- Kelly writes: "The threat of nihilism is the threat that freedom from the constraint of agreed upon norms opens up new possibilities in the culture only through its fundamentally destabilizing force." I don't think so. I need more evidence that what Nietzsche meant by nihilism meant only this. (Call this Nihilism 1.) I think Nietzsche can be read to mean the loss of a metaphysical foundation for "norms" at all. (Call this Nihilism 2.) Re. milder form of nihilism that can be navigated around Kelly says there is the opening up of "a new sense of freedom." If this means we're without agreed-upon cultural norms but are now off on an adventure to discover some new ones, OK. But if the stronger version of nihilism is Nietzsche's meaning, then there is a kind of condemned-to-be-free situation but, as the "parable of the madman" can be read to say, we're on an adventure to nowhere.
- But Kelly wants to read Nietzsche on Nihilism 1. He interprets Nietzsche from that viewpoint. So he can write:"Perhaps Nietzsche was wrong about how long it would take for the news of God’s death to reach the ears of men. Perhaps he was wrong, in other words, about how long it would take before the happiness to which we can imagine aspiring would no longer need to aim at universal validity in order for us to feel satisfied by it. In this case the happiness of the suburbs would be consistent with the death of God, but it would be a radically different kind of happiness from that which the Judeo-Christian epoch of Western history sustained."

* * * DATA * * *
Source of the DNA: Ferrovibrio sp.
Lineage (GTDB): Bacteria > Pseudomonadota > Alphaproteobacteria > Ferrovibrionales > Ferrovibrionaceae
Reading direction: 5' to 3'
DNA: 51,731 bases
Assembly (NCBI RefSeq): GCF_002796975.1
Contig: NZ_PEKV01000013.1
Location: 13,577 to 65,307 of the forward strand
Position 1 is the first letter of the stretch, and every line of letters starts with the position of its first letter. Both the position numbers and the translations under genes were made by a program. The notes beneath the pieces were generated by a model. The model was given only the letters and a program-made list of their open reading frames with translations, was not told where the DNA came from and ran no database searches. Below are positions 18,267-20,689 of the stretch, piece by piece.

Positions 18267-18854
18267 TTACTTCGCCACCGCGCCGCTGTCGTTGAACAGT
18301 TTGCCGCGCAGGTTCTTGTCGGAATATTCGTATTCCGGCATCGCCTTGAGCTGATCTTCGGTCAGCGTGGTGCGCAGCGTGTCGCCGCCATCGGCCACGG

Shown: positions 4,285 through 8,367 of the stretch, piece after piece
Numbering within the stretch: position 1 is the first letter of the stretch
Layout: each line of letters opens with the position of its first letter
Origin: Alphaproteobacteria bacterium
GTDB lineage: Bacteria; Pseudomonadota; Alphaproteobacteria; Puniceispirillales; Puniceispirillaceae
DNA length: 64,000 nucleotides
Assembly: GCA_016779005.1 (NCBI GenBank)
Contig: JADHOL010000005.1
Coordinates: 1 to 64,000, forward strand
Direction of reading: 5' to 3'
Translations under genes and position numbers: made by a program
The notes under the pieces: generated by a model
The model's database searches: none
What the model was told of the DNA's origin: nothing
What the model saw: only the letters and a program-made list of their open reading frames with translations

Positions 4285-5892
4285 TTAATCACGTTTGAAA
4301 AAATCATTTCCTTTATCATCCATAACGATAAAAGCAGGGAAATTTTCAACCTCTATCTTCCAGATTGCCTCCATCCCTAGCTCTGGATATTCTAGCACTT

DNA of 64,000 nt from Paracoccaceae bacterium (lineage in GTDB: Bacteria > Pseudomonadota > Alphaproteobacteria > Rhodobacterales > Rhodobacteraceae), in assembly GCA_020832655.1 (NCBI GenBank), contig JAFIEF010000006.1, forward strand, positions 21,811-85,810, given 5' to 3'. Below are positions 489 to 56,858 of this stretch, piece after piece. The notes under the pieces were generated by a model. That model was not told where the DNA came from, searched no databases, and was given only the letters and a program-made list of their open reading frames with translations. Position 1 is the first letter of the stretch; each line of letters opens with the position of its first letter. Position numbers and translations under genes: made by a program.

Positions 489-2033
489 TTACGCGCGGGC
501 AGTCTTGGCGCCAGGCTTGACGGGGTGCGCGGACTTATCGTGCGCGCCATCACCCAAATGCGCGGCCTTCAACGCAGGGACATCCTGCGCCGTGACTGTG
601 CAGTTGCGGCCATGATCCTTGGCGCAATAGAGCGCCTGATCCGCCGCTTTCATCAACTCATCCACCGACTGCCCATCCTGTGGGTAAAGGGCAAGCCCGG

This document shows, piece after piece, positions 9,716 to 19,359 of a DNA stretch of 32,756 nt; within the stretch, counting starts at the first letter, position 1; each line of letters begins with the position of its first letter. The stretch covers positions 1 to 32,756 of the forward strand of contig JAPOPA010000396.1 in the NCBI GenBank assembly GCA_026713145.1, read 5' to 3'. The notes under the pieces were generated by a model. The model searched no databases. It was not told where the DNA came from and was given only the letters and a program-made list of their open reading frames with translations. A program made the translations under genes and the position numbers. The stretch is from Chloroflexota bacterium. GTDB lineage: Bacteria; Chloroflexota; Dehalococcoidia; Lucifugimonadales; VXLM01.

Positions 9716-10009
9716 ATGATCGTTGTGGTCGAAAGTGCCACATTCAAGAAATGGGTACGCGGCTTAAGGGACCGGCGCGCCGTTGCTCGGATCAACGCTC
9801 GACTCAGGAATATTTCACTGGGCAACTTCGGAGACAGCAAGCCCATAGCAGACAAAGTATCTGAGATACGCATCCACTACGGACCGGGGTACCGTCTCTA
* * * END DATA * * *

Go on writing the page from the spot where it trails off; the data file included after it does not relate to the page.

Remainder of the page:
- Following an idea from Melville, Kelly thinks (and this is his godless hope): One can aspire "to find happiness and meaning, in other words, not in some universal religious account of the order of the universe that holds for everyone at all times, but rather in the local and small-scale commitments that animate a life well-lived. The meaning that one finds in a life dedicated to “the wife, the heart, the bed, the table, the saddle, the fire-side, the country,” these are genuine meanings. They are, in other words, completely sufficient to hold off the threat of nihilism, the threat that life will dissolve into a sequence of meaningless events. But they are nothing like the kind of universal meanings for which the monotheistic tradition of Christianity had hoped. Indeed, when taken up in the appropriate way, the commitments that animate the meanings in one person’s life ─ to family, say, or work, or country, or even local religious community ─ become completely consistent with the possibility that someone else with radically different commitments might nevertheless be living in a way that deserves one’s admiration."
- With this possibility one thereby avoids the two extremes of "the monotheistic aspiration to universal validity, which leads to a culture of fanaticism and self-deceit, and the atheistic descent into nihilism, which leads to a culture of purposelessness and angst." Then, in a surprising move, Kelly says we can call this new option "polytheism." Because "there are nevertheless many different lives of worth, and there is no single principle or source or meaning in virtue of which one properly admires them all." I just find this odd and misleading.
Finally, it is significant that recently J.P. Moreland and Dallas Willard have written on what it means to live life well. I expect them both to engage in this discussion soon.